When parents are contending with an elongated period of struggles (i.e., beyond 5-7 years), and they have not yet experienced their child’s return to Yiddishkeit, in many cases, yom tov carries with it a profound degree of loss and pain. For some, the cycle may seem endless, and perhaps hopeless. As a result, it is sometimes easier for parents to listen to their inner voice spewing toxicity, as they “believe” their child will not (or never) return to Yiddishkeit. The reason is not only logical; it is also a coping mechanism. As odd as it may seem, it is probably less painful for such parents to live with the total resignation that their child will not return as opposed to a false sense of optimism caused by repeated disappointments and lost dreams. Unfortunately, though, there is a price to pay for this so-called “controlled” minimalistic pain. Hopeless thoughts are as lethal, if not more deadly, than toxic language forthcoming from others.
So what are parents meant to do when they hear toxic words in shul? As they return home with their negative feelings, how are they supposed to face their child and refrain from resenting him/her, knowing that (currently) s/he has disconnected from the family and national links that constitute Jewish survival? And finally, how can these parents feel consoled?
One helpful strategy which enables us to manage our emotional equilibrium is to provide ourselves with a different perspective on a given subject. Changing a perspective gives new meaning. And with a fresh, positive outlook, the potential exists to turn around an otherwise stressful and painful thought or experience.
The Medrash Tanchuma on Noach cites the verse in Mishlei: “Pri tzadik etz chaim v’lokeach nefashos chochom – The fruit of a righteous man is the Tree of Life, and the wise man acquires souls(11:30).” Rabbi Yehuda says that when a person leaves this world without children, he is distressed, and he cries. In response to the person’s anguish, Hashem says, “Why are you crying; is it because you did not leave any children in the world (olam hazeh)? Why, you have better fruits than (physical) children!” Curiously, the person asks: “What are they?” And Hashem answers: “The maasim tovim (good deeds) you did is what you left over in this world.”
By the way, if you find you are perplexed with the above response, indeed, you are in good company. The Etz Yosef (commentary) is also puzzled, evident in his question: “How can one equate leaving over good deeds in this world with leaving over children; and how is that a consolation?” Then again, the Etz Yosef resolves his difficulty by making the following two points. The first thought focuses both on one’s efforts as well as the outcome [of those efforts]. He explains that with every mitzvah one does, one creates a malach (angel). And the second point he shares stresses an interesting, yet perhaps strange fact: that the main children one brings into this world are not physical but rather the spiritual children one creates by engaging in good deeds.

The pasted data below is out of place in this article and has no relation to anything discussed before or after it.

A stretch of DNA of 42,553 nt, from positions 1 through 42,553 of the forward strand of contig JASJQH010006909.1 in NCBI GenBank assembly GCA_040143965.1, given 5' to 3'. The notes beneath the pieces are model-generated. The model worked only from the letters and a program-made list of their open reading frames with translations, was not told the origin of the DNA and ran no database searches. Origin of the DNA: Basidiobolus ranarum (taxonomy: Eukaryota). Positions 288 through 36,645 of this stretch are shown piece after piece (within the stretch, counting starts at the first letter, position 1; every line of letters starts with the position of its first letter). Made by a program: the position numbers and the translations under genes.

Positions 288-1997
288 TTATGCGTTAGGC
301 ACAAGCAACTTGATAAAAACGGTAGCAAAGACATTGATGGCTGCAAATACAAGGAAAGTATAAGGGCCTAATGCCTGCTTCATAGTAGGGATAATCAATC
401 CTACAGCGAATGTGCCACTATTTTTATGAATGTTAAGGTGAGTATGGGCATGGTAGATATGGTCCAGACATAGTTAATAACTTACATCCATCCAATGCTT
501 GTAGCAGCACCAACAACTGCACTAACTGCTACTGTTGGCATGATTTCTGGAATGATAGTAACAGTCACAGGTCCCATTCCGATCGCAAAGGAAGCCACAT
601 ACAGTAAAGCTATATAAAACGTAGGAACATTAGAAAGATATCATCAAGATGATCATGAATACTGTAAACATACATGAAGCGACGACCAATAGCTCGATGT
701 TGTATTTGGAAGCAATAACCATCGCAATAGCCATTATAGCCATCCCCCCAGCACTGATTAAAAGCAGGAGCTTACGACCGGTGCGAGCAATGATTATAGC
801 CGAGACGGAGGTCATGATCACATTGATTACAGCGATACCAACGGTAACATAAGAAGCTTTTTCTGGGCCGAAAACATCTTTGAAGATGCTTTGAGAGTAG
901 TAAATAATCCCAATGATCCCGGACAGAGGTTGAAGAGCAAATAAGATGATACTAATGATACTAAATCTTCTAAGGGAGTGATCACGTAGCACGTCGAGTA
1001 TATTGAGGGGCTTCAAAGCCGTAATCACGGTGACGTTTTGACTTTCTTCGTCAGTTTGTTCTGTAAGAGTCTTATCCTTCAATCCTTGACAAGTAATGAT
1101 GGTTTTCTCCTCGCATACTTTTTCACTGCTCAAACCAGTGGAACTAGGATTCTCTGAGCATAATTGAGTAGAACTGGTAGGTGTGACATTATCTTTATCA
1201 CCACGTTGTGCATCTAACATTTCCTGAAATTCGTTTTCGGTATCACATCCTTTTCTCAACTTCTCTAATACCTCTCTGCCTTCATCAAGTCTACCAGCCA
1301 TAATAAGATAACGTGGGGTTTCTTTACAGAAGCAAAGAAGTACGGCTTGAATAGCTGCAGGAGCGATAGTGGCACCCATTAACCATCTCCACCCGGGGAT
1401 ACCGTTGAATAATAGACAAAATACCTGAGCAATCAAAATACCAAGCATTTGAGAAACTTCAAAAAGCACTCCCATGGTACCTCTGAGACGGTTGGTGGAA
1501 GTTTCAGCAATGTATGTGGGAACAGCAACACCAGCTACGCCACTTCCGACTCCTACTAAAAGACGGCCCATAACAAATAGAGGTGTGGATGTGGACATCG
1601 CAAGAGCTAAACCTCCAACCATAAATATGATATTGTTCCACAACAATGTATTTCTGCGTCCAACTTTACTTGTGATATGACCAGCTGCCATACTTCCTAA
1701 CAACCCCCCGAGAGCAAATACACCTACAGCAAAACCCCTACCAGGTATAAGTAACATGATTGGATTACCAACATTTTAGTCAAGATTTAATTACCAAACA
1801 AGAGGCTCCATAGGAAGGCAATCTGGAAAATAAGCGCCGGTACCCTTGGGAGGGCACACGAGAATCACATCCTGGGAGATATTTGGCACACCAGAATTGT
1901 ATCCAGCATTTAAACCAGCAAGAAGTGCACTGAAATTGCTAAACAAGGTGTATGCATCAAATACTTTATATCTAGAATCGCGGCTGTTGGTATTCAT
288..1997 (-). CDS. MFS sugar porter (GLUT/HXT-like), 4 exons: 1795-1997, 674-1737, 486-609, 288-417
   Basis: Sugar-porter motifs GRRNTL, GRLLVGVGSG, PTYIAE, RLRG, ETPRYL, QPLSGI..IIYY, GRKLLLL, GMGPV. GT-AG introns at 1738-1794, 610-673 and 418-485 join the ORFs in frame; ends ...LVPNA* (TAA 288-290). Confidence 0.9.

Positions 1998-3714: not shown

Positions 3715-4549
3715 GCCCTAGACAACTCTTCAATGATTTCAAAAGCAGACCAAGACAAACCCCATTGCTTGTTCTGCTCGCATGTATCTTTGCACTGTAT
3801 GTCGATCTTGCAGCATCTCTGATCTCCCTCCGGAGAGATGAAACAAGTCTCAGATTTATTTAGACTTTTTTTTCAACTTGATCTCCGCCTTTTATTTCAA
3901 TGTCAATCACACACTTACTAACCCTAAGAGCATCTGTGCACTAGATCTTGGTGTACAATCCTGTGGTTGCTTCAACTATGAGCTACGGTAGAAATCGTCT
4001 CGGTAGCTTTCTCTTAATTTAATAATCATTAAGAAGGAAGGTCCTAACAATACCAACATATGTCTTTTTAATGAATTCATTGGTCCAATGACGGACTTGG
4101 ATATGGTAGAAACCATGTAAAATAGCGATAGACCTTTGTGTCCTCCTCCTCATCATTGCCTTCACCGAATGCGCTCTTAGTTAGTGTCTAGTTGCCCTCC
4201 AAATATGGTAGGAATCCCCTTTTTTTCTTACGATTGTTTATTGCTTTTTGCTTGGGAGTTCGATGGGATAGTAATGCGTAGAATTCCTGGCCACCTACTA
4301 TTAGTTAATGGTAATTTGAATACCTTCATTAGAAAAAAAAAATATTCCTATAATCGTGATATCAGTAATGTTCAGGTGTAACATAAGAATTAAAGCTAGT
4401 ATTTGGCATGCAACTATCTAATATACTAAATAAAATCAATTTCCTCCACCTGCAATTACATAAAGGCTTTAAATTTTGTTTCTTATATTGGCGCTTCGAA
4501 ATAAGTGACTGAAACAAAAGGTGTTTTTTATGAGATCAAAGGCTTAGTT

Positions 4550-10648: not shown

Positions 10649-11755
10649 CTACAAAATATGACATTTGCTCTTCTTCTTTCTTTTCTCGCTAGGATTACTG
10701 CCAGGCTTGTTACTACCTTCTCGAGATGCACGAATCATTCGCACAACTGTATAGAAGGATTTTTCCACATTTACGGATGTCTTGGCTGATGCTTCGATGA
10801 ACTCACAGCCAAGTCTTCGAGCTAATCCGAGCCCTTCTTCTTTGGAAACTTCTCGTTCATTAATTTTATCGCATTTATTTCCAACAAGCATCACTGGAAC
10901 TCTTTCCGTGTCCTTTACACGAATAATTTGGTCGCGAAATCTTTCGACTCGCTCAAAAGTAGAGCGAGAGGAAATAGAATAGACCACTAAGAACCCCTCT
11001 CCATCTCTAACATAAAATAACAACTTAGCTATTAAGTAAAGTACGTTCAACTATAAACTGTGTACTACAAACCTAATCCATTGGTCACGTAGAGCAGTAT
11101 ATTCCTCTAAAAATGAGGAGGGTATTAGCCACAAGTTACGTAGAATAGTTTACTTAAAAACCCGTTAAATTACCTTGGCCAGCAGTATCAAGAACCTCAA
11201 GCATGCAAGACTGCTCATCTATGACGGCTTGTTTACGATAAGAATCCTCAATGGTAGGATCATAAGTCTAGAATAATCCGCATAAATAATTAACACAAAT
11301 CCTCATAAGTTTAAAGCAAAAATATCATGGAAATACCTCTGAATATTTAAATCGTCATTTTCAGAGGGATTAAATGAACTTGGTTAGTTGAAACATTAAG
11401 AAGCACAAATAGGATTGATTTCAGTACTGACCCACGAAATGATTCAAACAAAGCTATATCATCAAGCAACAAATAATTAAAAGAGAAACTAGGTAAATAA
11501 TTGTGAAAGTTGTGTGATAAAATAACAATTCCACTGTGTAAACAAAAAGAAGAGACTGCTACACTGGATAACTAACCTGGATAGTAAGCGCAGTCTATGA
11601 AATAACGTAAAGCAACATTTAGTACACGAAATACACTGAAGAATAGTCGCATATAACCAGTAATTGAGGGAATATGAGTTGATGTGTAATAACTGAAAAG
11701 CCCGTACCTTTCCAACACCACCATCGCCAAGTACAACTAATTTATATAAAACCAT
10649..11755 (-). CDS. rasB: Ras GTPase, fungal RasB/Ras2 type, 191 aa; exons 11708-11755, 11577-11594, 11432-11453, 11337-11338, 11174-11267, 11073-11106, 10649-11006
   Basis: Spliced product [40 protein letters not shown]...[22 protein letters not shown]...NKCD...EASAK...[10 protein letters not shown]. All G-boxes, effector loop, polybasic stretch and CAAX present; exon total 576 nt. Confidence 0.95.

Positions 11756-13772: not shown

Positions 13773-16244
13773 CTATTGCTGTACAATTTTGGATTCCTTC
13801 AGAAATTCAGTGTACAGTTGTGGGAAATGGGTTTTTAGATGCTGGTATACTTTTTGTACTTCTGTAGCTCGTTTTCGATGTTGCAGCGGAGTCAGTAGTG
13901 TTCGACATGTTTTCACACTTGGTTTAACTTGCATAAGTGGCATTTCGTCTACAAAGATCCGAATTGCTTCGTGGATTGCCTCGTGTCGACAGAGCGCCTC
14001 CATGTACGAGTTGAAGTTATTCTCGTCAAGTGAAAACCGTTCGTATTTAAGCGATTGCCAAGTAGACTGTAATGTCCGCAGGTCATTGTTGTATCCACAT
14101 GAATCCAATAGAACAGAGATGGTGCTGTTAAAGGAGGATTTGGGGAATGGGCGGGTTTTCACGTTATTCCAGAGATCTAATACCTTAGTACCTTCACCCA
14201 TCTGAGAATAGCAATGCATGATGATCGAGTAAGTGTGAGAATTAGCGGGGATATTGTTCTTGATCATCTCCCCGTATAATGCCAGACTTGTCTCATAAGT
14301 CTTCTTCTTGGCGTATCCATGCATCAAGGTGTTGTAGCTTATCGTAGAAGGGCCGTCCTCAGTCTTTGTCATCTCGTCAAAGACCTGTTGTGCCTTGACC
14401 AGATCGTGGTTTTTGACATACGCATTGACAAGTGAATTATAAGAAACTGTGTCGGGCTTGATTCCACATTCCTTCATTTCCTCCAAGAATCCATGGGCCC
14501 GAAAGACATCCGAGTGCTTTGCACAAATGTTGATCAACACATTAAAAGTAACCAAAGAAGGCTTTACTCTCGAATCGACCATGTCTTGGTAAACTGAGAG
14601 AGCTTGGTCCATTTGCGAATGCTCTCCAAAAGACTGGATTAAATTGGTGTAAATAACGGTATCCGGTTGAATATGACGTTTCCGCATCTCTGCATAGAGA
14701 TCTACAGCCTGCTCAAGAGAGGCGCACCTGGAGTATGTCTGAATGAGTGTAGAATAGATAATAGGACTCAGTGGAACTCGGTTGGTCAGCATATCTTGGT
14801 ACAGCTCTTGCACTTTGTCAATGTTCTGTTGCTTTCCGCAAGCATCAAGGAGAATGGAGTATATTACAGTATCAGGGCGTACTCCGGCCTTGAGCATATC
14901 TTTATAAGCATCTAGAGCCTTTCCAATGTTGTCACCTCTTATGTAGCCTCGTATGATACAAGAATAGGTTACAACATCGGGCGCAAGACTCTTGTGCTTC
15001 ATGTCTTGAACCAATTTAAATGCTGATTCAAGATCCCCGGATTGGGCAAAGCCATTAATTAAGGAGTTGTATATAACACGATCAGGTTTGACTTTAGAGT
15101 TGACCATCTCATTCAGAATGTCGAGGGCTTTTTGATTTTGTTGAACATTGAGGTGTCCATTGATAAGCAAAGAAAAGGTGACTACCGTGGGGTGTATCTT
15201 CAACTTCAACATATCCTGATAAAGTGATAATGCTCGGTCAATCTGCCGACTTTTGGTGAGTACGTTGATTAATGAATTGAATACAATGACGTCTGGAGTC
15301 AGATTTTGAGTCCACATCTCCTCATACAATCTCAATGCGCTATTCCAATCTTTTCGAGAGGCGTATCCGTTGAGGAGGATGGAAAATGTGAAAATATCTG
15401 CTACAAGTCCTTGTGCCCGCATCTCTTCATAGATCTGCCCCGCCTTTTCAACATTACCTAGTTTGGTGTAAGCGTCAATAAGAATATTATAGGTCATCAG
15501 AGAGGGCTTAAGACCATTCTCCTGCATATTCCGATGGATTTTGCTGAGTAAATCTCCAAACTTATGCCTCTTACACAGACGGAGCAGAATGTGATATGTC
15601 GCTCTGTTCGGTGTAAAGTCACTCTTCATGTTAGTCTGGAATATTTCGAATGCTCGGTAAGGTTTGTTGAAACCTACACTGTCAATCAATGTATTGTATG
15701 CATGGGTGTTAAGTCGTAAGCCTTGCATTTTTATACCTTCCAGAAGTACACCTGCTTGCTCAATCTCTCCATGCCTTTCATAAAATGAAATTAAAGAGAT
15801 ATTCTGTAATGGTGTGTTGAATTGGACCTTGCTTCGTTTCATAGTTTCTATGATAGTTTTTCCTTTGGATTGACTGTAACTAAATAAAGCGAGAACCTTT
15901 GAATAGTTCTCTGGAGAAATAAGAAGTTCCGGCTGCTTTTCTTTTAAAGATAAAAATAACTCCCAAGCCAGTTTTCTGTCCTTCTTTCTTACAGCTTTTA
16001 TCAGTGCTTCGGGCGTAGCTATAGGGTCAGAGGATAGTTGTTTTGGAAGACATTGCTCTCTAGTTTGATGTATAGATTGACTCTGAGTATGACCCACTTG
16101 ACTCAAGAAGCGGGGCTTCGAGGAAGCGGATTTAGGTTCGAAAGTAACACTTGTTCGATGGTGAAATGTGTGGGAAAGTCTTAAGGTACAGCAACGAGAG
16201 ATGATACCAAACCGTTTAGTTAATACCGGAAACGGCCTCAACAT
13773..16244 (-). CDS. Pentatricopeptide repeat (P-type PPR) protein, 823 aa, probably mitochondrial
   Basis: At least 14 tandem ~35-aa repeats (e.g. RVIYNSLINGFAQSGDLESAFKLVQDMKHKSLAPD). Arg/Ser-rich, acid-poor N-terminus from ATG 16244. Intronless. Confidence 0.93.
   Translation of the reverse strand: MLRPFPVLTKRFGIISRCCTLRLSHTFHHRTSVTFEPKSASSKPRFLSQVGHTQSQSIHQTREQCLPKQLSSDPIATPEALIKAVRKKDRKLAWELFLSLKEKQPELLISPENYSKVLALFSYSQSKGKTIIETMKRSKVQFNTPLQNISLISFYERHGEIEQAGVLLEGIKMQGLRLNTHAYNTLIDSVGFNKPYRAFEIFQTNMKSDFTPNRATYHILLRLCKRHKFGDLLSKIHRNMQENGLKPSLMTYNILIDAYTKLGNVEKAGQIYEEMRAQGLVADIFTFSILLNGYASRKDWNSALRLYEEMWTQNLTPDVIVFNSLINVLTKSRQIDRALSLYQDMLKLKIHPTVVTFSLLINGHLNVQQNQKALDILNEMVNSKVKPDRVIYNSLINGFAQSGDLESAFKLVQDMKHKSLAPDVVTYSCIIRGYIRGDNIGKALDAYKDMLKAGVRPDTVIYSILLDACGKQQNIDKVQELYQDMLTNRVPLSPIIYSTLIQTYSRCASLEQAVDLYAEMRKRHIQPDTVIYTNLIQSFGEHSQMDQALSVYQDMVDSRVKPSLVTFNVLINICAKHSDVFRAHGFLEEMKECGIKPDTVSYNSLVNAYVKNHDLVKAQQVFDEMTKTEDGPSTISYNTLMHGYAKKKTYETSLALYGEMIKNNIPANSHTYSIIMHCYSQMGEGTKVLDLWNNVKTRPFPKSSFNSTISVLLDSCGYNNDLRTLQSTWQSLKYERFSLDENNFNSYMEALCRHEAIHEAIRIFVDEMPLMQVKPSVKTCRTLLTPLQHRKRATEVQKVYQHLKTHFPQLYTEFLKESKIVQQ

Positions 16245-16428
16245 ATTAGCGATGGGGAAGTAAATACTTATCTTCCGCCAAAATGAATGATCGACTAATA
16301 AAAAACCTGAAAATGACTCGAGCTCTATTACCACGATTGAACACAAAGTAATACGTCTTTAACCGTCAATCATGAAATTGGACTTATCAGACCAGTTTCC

On a different note…The Chofetz Chaim zt”l, in a conversation with his student, Horav Moshe Schneider, z”l,, expressed concern over the spiritual future of his unmarried, young children. At the time, he was quite old, having married a second time following the loss of his first wife. He feared that he was coming to the end of his days, and he questioned himself: “Who will educate my children after I am gone?” He, then, answered his own question: “It really is not a concern, for success with our children is dependent entirely upon S’yata D’shmaya (Hashem’s help). It is for us that we work so hard, so that when we come to the Olam HaEmes (Next World), we can honestly say that we tried everything we possibly could to help our children as much as we knew how.” *
May the above perspectives help inspire, encourage and strengthen those who require support during this period. And may we all be inscribed for a healthy and peaceful year, complete with Hashem’s healing and salvation.
* Artscroll. The Fifth Commandment. By Rabbi Moshe Lieber. Pg. 42
Debbie Brown is a certified life coach specializing in parent coaching, and is an NLP Master Practitioner. She is available for private, confidential phone coaching sessions as well as lectures and group workshops. For further information or to express feelings regarding the Parental Perspective topic, Debbie may be contacted at firstname.lastname@example.org.